By Adrien Begrand
Black Breath seems like an odd fit for Southern Lord Records. After all, they’re not even close to the doom, drone, black metal, and stoner rock that the trendy label has specialized in this past decade. However, hearing the Seattle band’s re-released debut EP, this just might turn out to be Southern Lord’s best signing in a very long time. In direct contrast to the vinyl geek-pandering Boris, the polarizing Sunn O))), the outwardly environmentalist Wolves in the Throne Room, and even the sludge of Lair of the Minotaur, Black Breath is the kind of metal that’s devoid of any pretension whatsoever, just five scruffy guys hunkering down and coming up with some of the most bracing, rewarding circa-1985 retro metal you’ll hear these days.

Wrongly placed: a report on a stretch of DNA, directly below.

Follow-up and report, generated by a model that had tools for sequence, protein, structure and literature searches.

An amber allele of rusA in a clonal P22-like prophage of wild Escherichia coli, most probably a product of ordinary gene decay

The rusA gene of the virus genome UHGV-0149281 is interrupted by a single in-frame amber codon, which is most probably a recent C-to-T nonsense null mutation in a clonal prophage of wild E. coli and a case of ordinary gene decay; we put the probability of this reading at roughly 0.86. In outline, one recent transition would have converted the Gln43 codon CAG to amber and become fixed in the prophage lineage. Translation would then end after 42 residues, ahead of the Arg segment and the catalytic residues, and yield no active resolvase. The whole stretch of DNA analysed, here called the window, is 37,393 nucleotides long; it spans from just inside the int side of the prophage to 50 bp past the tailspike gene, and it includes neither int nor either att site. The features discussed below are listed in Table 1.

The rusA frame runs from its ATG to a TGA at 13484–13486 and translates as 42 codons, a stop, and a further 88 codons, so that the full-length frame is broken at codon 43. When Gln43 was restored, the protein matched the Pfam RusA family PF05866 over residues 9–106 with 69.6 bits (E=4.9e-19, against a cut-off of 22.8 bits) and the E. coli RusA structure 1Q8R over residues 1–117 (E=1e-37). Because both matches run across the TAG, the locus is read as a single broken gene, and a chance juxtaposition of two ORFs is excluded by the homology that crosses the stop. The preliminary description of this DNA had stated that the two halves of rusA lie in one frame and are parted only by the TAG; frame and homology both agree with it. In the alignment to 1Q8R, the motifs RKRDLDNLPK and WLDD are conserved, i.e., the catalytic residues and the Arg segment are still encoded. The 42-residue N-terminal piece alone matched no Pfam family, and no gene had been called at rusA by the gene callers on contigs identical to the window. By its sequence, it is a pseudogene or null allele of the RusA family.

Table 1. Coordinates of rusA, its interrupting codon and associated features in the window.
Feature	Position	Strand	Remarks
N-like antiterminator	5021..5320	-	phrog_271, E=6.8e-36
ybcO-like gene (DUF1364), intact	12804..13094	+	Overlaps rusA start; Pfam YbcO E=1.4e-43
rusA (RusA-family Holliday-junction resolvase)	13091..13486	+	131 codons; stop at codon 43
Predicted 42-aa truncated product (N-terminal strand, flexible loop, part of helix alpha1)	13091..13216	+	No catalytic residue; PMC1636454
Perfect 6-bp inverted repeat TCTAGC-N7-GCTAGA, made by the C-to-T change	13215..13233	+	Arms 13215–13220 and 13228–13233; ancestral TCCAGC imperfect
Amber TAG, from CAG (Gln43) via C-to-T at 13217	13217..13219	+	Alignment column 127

Heavy enough to immediately draw comparisons to early Celtic Frost, capable of evoking the contagious speed of Slayer’s Show No Mercy and the death ‘n’ roll of Entombed, not to mention boasting just enough of a Discharge influence to keep things loose and slightly sloppy, Razor to Oblivion is 14 minutes of pure swagger that has us wishing it was at least twice as long. Well, that’s what “repeat” settings are for, and we’ll gladly crank these four songs over and over: the title track is a rampaging exercise in d-beat ferocity, “Fatal Error” switches from pure Motörhead fun to a towering Bathory-esque break, the ferocious “Beneath the Crust” wastes no time in out-thrashing the popular Skeletonwitch, while “Murder” is the kind of mid-tempo stomper that used to get fists pumping 25 years ago and is certain to incite mosh pit mayhem today. All the while, vocalist N.T. Adams howls away in a voice that effectively shifts from hardcore barks and Quorthon-esque sneers, turning out to be as fitting a metal/punk hybrid as the rest of the band. This EP an extraordinary first effort, and considering that the band’s debut full-length (due out early 2010) is being produced by the great Kurt Ballou, it immediately establishes Black Breath one of the bands to watch in the coming year. That new record can’t come soon enough.